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Use React Hooks Correctly with These Two Rules

Chris Achard

August 13, 2019

Software Development

Hooks were introduced at React Conf 2018, and have been steadily gaining popularity as an easy way to introduce state to functional react components.

It's important to note that you don't have to use hooks if you don't want to - but if you do, make sure you follow these two rules of hooks! Otherwise - bad things might happen.

Why Hooks Were Created

First, let's take a look at the problem that hooks are trying to solve.

Here's a React class component with a single bit of state called count, that counts up when the button is clicked:

// OLD WAY: Class Components
class Counter extends React.Component {
state = {
count: 0
}
render() {
return (
<div>
<button
onClick={() =>
this.setState({ count: this.state.count + 1 })
}
>
+1
</button>
<p>Count: {this.state.count}</p>
</div>
)
}
}

That works just fine, but there are a few parts that can easily create bugs.

Problem 1: What is the meaning of this?

One of the most confusing parts of JavaScript for new developers is that the this keyword changes meaning based on the context. This includes the very important, but (seemingly) arbitrary way that you define your functions.

For example, this function:

// probably not what you want
function onClick() {
this.setState({ this.state.count: count + 1 })
}

doesn't bind this to the class component - and so probably won't behave like you want! Instead, you have to remember to either bind that function to the class - or use an arrow function:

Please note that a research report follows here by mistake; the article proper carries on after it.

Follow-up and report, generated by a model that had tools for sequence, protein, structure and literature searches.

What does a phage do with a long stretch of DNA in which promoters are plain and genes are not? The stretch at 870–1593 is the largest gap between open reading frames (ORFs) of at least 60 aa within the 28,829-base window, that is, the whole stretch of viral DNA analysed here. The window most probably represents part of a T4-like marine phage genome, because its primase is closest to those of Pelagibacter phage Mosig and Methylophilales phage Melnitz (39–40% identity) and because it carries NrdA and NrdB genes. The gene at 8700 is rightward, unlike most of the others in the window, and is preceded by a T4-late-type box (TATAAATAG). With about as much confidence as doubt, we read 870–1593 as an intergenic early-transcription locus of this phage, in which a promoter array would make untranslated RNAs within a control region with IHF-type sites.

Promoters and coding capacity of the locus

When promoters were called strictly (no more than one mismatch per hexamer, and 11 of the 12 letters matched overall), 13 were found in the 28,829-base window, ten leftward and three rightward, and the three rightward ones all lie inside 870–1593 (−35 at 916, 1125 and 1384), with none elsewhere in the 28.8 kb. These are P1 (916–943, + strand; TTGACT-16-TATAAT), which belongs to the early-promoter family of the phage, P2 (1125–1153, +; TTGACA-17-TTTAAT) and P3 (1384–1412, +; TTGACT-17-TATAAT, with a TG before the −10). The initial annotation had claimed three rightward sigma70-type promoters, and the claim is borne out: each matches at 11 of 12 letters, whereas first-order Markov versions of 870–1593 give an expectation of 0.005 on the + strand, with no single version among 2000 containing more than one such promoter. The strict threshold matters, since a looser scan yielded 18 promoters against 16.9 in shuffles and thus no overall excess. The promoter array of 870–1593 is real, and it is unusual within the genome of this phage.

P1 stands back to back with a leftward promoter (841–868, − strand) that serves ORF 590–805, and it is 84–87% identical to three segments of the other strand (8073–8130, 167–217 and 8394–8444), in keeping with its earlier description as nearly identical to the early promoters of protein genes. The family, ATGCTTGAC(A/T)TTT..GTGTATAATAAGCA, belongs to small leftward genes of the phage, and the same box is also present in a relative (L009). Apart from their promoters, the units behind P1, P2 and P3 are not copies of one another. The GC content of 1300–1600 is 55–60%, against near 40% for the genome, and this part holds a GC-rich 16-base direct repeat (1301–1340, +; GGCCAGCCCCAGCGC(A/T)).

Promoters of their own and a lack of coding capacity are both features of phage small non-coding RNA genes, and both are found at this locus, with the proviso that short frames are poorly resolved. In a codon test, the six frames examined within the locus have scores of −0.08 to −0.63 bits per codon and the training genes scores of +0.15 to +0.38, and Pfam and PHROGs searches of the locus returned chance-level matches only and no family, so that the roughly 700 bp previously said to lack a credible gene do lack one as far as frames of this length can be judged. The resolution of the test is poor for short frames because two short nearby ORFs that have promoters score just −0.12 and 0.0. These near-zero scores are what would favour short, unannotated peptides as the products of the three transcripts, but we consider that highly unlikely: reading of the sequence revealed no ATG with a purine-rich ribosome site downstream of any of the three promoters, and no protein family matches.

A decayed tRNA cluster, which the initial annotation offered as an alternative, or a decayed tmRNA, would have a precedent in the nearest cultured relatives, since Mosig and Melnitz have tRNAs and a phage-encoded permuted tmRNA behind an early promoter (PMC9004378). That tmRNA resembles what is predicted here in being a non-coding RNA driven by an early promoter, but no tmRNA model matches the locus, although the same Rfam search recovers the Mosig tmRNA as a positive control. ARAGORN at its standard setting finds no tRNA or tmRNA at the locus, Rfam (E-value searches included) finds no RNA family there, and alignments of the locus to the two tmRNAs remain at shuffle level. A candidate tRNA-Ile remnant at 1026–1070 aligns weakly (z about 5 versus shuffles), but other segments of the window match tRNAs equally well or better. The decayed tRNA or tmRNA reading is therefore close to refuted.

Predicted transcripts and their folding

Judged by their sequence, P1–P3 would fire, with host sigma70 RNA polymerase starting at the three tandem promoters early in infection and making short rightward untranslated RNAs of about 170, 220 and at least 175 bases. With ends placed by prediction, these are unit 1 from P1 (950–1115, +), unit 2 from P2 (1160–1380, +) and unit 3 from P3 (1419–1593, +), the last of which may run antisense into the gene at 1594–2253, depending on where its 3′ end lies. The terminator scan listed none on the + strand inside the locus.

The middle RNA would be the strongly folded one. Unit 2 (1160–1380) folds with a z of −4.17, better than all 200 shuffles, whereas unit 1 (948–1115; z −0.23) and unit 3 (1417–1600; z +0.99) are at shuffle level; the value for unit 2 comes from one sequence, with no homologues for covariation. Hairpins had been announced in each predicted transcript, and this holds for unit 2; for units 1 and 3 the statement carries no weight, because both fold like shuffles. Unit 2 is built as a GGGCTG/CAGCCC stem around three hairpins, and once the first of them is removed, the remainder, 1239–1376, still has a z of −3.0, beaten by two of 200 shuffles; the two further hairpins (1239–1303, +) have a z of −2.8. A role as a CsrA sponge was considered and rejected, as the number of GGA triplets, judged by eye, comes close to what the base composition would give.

// probably what you want
const onClick = () => {
this.setState({ this.state.count: count + 1 })
}

Until you get a really good feeling for what the meaning of this is in various parts of a class component, it can cause subtle, and really confusing bugs.

Hooks simplify that by removing the need to track the meaning of this altogether. This is because there is no class that you have to reference (since everything is functional components with hooks).

Problem 2: Using this.state... to access data and calling this.setState to change it

The fact that state lives on the class component means that anytime you want to access a value in state, you have to preface it with this.state. This can be confusing to beginners - but also can bite experience programmers.

As a testament to how annoying it can be - when creating the demo for this article, I originally typed the following onClick function:

// Can you spot the bug?
...
this.setState({ count: count + 1 })
...

Do you see the bug? Yep; I forgot to say this.state.count: instead of just count: in the setState call. That didn't cause a render error or anything - but it just didn't work; and it took me some debugging to figure out what went wrong... annoying!

Hooks simplify that by removing the concept of class state, and just giving access to the values and set functions directly. No more this.state!

Problem 3: People are using functional components more and more

Since functional components are 'just functions', and are generally easier to type and to reason about - more and more people are defaulting to functional components over class components.

The problem is, that as soon as you want to add state to a functional component - you have to convert it to a class component, or bring in a more complicated library like Redux.

Hooks simplify that by giving you a way to add state to functional components directly with the useState hook.